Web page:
A Brand Ends But the Idea Remains

One of the last of its kind. Photo by John Griswold



I am not trying to hold back the tide they say will lift all boats, nor do I mean to impede America’s economic hegemony. But I am a very bad consumer: I no longer value owning most things, and I am averse by long bitter experience to being in debt for them. I make 80 percent of our meals from scratch, drive an eight-year-old Honda I fantasize will last the rest of my life, and sometimes still wear a Land’s End dress shirt manufactured in 1988 to Common Reader staff meetings. I figure no one man can hold down a rising tide, and anyway, corporations say they love that the stresses of the marketplace make them better. Good luck, I say.

Still, it is comforting to know that certain American brands are always out there, getting up to go to work every morning and making a living for their shareholders despite my nonparticipation—brands such as the Lincoln Town Car, which I love to rent and drive around strange cities once a decade in order to feel like an executive in an alternate universe; Sears department stores, which are fun to walk through and look at the Craftsman tools on the way to the Waldenbooks; and Pan Am, which flew my family back from Vietnam in style, with a stop in Honolulu for fuel and the Don Ho show.

News this week reported the closing of Anchor Brewing, the beer company in San Francisco that has been in business since 1896 with several owners and locations. Blame was spread around—mismanagement, outdated technology, COVID, unionization—though chiefly the finger was pointed at Sapporo, the oldest brewing company in Japan, founded in 1876, which acquired Anchor in 2017. Critics say Sapporo did not understand scheduling, processes, equipment, labor, or tradition at Anchor and promptly ruined the smaller company.

I felt a little sad at hearing Anchor was closing. Not because I was a good customer and supported the brewery, or even that I was ever a customer. I have a couple of beers a month, and Anchor was never my brand. I tried one of their Christmas ales in that time when we are often too young to appreciate things that vary from the basic. A reviewer at Beer Advocate says what I thought then: “Cloudy dark brown body with an off-white head. Spicy aroma and somehow a little soapy. Rye and juniper make this a very bitter drink, and there is the soapy note. Didn’t care for this one.”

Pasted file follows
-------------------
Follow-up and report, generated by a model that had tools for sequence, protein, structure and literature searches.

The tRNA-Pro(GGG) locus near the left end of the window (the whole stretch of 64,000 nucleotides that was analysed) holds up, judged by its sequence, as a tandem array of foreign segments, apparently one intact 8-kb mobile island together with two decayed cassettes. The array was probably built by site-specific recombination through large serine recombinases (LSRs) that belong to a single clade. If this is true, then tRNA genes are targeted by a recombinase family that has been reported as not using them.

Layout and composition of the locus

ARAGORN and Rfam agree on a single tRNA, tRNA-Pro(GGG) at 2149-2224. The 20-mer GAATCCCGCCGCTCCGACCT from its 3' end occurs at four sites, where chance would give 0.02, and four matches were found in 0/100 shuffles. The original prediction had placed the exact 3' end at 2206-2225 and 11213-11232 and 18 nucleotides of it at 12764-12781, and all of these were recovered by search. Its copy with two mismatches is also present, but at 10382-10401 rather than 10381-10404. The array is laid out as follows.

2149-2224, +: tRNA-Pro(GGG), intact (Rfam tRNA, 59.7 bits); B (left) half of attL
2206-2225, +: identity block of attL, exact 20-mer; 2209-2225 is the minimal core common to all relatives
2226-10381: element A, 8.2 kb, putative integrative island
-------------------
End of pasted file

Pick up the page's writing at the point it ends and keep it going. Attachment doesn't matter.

I must have had their regular “steam” beer at some point but do not remember it at all, though I remember the sharp skunky taste of bottles of Michelob I found in a ditch as a kid, probably thrown out a car window by someone about to be stopped by the police and aged under the sun, and I have a detailed sense memory of the fizzy thin lager in a paper cup at the Milwaukee German Fest as a teen.

Steam beer, due to its yeast strain and brewing temperature, tastes like something between a lager and an ale. Though it was originally swill brewed cheaply and more easily for the working class, in the modern Anchor tradition it is delicious. I just had one. One of the last ones, unless someone buys the brewery and keeps it going. Maybe I should have done my part to keep the brewery going, but Shiner or Sam Adams is as tasty to me, and cheaper.

No, the reason I was saddened at the news is that Anchor Steam was part of my first awareness, in the 1970s, that different traditions were at work elsewhere, and that people who might know such things believed those traditions and processes and products were superior to what mainstream corporations provided on a much bigger scale. My curiosity about this as a kid led me to ask for books about food and wine as gifts, such as Michael Jackson’s World Guide to Beer, long before I could drink. I cannot remember if Jackson was the one who brought Anchor Steam to my attention, and how it sparked the craft brewing and microbrewery movement in the United States, but someone did, at the same time I started hearing names such as Alice Waters, Julia Child, and the French Laundry.

Anchor Steam, such a cool name, was one star in a little constellation in my mind that nearly led me, I feel, but for lack of opportunity and contacts, to a career in the restaurant industry. Instead, I have always done the cooking in my family, and I know a little about food and drink and their preparations in different traditions, which has provided much pleasure in my life.

Nothing lasts forever, and most things are never missed when they are gone. Anchor had and may yet have its devotees. But there is beauty in certain ideas, and part of the beauty is in how the ideas have influence even after their concrete manifestations are gone.

John Griswold

John Griswold is a staff writer at The Common Reader. His most recent book is a collection of essays, The Age of Clear Profit: Essays on Home and the Narrow Road (UGA Press 2022). His previous collection was Pirates You Don’t Know, and Other Adventures in the Examined Life. He has also published a novel, A Democracy of Ghosts, and a narrative nonfiction book, Herrin: The Brief History of an Infamous American City. He was the founding Series Editor of Crux, a literary nonfiction book series at University of Georgia Press. His work has been included and listed as notable in Best American anthologies.